In a remarkable discovery, researchers have found that malaria-causing mosquito-borne parasite produces a protein that can be used to cure cancer. The discovery was made while researchers were examining why pregnant women are at higher risk of developing malaria.
Scientists found that the protein produced by mosquito-borne parasite binds to a particular type of sugar molecule in placenta and the same type of sugar molecule is also present in many types of cancer.
While further exploring the properties of sugar molecule — oncofetal chondroitin sulfate, researchers from the University of British Columbia, Vancouver Coastal Health and the BC Cancer Agency found that it can be used as anti-cancer drug while the protein produced by the malaria-causing parasite can used to carry the drug to tumors.
“Based on our clinical data, we helped validate that this could be applied to melanoma and lung cancers,” said one of the authors of the study Nhan Tran, associate professor at Translational Genomics Research Institute (Tgen) in Arizona, US. “This specific type of developmental protein — oncofetal chondroitin sulfate — is expressed in the placenta, and is also expressed in lung cancer and in melanoma,” Tran said.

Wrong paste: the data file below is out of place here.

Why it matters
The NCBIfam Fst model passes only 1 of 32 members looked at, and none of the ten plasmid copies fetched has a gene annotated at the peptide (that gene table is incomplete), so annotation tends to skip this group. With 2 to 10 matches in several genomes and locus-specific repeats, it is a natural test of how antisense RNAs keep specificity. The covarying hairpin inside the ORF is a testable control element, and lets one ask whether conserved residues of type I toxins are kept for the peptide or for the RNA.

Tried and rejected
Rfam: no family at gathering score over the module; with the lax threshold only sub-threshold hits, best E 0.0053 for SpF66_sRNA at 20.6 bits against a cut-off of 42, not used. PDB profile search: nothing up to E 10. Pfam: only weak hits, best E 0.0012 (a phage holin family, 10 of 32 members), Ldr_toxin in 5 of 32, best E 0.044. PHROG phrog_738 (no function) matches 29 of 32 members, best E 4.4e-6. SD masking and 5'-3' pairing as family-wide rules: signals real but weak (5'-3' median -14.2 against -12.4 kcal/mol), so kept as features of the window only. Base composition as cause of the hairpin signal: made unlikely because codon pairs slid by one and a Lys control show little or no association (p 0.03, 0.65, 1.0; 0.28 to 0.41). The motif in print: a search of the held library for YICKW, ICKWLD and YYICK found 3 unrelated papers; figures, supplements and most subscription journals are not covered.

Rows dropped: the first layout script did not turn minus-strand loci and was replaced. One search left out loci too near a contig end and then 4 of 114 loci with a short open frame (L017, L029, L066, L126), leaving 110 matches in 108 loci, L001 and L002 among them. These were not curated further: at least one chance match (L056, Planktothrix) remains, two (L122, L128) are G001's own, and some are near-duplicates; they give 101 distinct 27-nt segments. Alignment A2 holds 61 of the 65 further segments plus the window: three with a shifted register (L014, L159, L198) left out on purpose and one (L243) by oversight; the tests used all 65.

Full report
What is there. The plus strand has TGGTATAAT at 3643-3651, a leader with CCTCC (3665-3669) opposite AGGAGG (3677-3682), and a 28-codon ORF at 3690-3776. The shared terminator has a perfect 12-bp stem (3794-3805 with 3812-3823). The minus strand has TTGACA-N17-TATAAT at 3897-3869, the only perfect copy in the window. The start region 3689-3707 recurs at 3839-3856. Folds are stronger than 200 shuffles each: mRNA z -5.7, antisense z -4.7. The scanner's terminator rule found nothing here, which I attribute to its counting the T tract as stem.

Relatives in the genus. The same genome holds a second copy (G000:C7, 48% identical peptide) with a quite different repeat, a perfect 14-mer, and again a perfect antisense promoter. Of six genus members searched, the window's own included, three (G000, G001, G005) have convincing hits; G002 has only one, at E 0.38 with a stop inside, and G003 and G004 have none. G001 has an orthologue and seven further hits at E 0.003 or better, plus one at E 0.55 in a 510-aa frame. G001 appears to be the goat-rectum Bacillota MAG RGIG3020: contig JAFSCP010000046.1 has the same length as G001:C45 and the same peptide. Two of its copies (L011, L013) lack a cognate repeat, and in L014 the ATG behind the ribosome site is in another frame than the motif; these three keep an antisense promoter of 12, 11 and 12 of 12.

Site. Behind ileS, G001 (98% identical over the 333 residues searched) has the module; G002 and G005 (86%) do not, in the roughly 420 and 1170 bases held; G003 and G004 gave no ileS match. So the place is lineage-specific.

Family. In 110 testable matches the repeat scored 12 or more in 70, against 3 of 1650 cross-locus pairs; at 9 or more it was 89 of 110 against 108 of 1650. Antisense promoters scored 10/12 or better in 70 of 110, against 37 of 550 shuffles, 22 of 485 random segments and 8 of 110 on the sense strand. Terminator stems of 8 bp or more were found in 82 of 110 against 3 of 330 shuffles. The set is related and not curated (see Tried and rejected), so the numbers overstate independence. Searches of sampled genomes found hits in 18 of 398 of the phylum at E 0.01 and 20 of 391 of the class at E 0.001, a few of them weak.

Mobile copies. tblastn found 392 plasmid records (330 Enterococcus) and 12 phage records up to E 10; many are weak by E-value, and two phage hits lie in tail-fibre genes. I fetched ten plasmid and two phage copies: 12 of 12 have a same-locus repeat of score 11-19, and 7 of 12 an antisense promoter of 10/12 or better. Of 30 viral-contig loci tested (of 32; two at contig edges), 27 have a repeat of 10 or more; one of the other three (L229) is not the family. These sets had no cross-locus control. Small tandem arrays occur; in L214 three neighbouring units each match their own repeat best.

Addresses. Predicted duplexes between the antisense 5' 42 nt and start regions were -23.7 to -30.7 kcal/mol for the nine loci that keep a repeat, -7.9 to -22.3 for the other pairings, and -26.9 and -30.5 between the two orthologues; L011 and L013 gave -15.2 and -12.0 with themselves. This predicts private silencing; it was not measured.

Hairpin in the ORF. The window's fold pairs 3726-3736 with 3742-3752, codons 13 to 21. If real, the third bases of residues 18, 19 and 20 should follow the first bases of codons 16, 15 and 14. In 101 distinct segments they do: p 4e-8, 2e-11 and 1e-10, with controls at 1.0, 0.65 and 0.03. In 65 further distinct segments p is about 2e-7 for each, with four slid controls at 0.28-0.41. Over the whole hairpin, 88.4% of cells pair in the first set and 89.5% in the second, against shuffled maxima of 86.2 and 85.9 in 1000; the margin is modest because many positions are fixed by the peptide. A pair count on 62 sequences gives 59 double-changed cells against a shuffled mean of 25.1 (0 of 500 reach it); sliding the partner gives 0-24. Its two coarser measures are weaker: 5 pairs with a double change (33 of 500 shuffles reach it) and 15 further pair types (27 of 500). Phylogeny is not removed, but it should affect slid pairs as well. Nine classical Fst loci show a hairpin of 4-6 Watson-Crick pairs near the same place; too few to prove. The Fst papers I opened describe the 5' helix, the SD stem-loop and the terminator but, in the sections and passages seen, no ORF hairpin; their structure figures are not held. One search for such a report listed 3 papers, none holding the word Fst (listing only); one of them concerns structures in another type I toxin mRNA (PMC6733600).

Tran further explained that malaria uses VAR2CSA to inject itself in the placenta and binds to oncofetal chondroitin sulfate while hiding from the immune system. To demonstrate the findings, researchers conducted the experiment in the lab and showed that if anti-cancer drug is attached with the protein VAR2CSA, then it would bind with the oncofetal protein in cancer, delivering the drug to the tumor.
Researchers believe it to be remarkable finding as it paves the way for fighting cancer cells. While two companies — Vancouver-based Kairos Therapeutics and Copenhagen-based VAR2 Pharmaceuticals have already started developing the drug for clinical trials. However, it will take another three to four years for drug to get developed and clinical trials to start.
The study appeared in the journal Cell.